I’m guest posting for the fabulous Jessica while she is off loving on her new sweet little baby and getting back into the swing of things. Let me introduce myself. I’m Jenna from Shallow Roots living. I’m a 30-something stay-at-home mom to a 34-week preemie little boy, a military spouse, and a retired (for now anyway) teacher. My bookshelves are overflowing, as is my vanity, dresser and craft closet. My kitchen is over used and my running shoes are neglected more than I would like—one day they’ll balance each other out. As traveler at heart, I enjoy the benefits of our military lifestyle which doesn’t keep us in one place very long. I find that surrounding myself with amazing friends, beautiful scenery, and a delicious bottle of wine I can make anyplace feel like home. This shallow root living isn’t for everyone but it suits me just fine.
It was a typical night in our home. Andy was freshly bathed, and wearing clean PJ’s when I asked him to pick out a book to read before bed. He picks a book (or three) from his bookshelf then snuggles into my lap. Sure enough, without fail, he picked THAT book. Again. You know the one. The one you tossed on top of the fridge or into the back of the closet because you have read it so many times you have it memorized. I dread seeing THAT book.
|“The Little Mouse, The Red Ripe Strawberry, and The Big Hungry Bear” by Don and Audrey Wood|
I bought him this book because I loved using it in my classroom. The story was simple and different but now the sight of it makes my stomach turn. After a week in the closet and numerous fits from Andy because of its absence, I decided to steer into the skid. I needed to find a way that I could enjoy the book the way I used to; the way that Andy enjoys it every time we read it.
Another way to shake things up for me was to incorporate something we already do. Since he was born I have been using sign language with him. While he doesn’t have any problems with his hearing, I liked that once he picked up on signing it would give him a way to communicate before he could verbally express himself. The thought, oddly enough, had never occurred to me before that I could reinforce (or start fresh) the use of ASL through the books he reads over and over again. I don’t go crazy with it, but I pick out several words that repeat in the book that could be useful for him to know. We started simple with “bear,” “strawberry,” “mouse,” and “hello.”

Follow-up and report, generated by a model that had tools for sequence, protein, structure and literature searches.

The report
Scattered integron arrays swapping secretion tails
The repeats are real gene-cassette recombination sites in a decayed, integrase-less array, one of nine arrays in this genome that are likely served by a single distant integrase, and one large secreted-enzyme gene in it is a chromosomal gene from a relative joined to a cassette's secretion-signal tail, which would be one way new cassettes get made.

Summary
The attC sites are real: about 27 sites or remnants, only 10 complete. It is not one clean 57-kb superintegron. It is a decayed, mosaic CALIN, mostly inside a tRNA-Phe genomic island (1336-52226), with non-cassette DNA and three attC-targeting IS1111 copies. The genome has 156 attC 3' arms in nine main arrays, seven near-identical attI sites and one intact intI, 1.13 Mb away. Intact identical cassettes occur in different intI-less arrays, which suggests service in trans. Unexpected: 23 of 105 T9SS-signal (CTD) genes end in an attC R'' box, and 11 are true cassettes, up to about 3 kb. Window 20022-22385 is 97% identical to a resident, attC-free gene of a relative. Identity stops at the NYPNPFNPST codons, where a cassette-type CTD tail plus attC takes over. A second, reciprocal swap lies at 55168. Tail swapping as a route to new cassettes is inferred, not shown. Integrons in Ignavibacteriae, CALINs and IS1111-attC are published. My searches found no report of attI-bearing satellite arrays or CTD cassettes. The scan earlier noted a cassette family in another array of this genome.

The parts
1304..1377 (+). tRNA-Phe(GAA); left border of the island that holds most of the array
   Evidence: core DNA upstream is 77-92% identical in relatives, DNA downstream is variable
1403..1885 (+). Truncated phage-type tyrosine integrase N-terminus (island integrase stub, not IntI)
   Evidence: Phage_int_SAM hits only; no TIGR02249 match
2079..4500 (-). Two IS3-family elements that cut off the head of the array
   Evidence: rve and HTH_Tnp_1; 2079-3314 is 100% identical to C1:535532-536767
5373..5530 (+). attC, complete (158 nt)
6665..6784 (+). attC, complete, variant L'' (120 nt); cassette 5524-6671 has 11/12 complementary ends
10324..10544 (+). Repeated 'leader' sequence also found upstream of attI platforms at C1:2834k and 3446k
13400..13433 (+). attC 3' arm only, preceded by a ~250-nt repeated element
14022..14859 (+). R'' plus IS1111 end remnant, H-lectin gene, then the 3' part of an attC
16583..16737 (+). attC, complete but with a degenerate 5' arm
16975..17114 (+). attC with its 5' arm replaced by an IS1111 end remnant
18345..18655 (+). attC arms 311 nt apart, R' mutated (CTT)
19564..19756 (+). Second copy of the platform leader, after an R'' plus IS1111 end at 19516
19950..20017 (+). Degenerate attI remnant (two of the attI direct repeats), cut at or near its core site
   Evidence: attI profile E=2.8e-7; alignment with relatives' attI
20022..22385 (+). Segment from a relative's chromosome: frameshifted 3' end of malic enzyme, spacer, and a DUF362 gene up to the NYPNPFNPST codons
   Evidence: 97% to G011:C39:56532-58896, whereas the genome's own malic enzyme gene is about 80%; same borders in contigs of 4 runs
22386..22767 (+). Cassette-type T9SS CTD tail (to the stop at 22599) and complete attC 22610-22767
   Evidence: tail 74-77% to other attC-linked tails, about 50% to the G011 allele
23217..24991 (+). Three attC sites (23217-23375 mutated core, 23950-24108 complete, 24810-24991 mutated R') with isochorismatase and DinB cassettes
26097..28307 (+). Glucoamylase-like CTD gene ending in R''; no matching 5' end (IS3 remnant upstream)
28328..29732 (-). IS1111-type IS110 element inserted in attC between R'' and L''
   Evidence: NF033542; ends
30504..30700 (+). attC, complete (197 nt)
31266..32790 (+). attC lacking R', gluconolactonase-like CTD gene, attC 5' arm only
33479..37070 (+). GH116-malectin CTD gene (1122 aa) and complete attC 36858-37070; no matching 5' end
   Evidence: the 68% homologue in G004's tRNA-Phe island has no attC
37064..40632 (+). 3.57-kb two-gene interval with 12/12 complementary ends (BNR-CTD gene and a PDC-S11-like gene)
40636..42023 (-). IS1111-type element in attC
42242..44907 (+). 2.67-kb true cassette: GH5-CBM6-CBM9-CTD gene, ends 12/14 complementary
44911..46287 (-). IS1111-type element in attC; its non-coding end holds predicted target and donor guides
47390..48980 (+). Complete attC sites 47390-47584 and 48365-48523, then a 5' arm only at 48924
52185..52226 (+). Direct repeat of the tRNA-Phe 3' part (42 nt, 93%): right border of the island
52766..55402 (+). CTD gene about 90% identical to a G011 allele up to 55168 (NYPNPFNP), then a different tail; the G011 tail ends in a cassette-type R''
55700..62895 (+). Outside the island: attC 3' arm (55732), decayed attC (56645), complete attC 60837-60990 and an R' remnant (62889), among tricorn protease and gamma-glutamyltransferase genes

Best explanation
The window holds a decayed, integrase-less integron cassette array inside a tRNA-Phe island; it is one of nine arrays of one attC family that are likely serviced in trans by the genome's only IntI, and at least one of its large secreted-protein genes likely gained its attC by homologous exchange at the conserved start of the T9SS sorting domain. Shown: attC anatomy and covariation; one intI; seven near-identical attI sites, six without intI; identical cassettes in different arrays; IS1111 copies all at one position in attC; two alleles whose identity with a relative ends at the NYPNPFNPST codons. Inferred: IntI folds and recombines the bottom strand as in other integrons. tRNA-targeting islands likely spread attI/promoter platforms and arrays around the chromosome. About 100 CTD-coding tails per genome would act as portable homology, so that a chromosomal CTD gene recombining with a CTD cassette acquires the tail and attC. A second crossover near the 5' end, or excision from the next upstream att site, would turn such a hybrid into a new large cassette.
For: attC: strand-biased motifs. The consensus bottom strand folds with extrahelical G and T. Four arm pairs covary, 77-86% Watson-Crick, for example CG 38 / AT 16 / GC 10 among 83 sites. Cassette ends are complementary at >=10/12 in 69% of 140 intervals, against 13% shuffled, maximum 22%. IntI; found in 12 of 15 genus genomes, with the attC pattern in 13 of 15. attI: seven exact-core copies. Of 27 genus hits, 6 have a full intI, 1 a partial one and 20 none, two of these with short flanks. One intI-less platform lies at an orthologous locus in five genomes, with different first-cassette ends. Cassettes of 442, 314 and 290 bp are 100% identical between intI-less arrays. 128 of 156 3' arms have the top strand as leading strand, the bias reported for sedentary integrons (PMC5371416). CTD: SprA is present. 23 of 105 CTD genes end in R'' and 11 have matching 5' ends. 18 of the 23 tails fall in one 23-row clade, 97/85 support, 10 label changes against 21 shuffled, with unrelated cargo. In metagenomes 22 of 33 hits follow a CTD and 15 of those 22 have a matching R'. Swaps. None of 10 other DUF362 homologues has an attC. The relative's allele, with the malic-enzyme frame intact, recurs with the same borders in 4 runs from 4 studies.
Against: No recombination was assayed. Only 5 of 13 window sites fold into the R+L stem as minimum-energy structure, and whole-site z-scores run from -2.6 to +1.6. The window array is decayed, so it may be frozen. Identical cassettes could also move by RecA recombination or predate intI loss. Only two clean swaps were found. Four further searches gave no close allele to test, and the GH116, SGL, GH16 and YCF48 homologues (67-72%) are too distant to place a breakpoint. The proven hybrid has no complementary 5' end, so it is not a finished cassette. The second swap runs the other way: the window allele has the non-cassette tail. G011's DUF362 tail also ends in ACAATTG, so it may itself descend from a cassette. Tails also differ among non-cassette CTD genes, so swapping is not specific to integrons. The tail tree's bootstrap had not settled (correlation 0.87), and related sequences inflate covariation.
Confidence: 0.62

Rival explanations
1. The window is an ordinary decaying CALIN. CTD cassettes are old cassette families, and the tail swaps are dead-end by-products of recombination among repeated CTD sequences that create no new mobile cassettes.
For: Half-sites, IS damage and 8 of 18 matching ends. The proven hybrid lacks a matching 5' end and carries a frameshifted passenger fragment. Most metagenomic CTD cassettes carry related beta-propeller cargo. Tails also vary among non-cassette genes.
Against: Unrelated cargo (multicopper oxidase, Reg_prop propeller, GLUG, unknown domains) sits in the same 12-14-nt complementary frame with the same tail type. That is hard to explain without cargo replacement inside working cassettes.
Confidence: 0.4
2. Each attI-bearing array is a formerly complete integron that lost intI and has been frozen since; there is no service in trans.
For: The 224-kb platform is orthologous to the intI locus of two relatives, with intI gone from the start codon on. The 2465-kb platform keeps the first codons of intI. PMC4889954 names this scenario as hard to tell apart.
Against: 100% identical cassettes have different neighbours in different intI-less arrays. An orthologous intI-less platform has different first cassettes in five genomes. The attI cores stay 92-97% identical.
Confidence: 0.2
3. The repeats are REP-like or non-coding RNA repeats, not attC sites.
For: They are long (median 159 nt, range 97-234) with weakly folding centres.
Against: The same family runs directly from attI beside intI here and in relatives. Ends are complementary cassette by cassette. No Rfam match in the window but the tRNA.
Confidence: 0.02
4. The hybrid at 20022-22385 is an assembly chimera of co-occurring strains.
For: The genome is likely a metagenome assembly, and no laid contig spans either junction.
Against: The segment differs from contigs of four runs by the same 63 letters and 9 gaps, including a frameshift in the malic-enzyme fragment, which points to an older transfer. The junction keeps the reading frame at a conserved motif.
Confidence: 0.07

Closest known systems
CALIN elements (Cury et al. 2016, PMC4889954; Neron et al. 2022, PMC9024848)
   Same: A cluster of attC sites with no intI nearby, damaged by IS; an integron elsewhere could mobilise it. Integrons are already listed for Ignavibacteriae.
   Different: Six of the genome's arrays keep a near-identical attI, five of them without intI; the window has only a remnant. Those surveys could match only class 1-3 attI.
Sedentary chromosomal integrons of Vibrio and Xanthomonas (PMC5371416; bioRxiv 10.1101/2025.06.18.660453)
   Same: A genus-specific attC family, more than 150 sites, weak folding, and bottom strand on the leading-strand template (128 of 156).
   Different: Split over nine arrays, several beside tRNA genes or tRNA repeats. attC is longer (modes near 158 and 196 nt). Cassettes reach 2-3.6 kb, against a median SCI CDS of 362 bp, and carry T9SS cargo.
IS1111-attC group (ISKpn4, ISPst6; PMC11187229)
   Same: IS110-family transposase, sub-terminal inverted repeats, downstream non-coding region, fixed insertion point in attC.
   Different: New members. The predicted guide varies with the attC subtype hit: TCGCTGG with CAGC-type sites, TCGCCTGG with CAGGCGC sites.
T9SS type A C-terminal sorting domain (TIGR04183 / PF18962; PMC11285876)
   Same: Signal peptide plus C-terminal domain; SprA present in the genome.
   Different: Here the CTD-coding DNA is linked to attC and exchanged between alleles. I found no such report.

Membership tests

The more into a story they get the more they love it. I like to have kids be very hands on—if you have older children they can even help color or cut the pieces. Then, later, they can see their work come to life. I left the board out and found Andy playing with the pieces. These are all fabulous educational ways to make a played out book exciting for everyone.
- “We’re going on a Bear hunt” by Helen Oxenbury—you could recreate the bear hunt or make up moves for each section of the book.
- “Brown Bear, Brown Bear” by Eric Carle—you could have the child find something in the room that is the same color as the animal in the page. Hint: the little ones that don’t know color will follow the older ones. Just let the older ones know that it is ok that they are touching the same thing.
This interaction means kids of all ages can play, learn and work together. It also can make a simple book geared towards younger kids more exciting for older kids. For other books you can make a scavenger hunt based on the book. This worked well for us with “Little Blue Truck” by Alice Schertle. I would ask Andy to find a brown horse or a yellow truck among a box of toys I put together and bring it to me. Andy is still really young for this we we work together on it. Simple tasks like this helped keep him engaged in the story especially when he has energy to burn! Just know that in adding toys into the mix they will sometimes he play with the toys while I read. That is a-okay with me because he is still hearing the story.
- Color a coloring page from the book
- Color a strawberry
- Add seeds to a strawberry picture with finger paint
- Help make a strawberry smoothie
- Practice cutting skills by cutting strawberries in two along a line. This is from the book where he cuts the strawberry in half
- Match up the strawberry halves he preciously cut
- Take turns hiding a strawberry that the “bear” can find. Just don’t use a real strawberry 😉
- Go strawberry picking
- Give the child a blank page and ask them to draw the bear. (Hint: you never see the bear)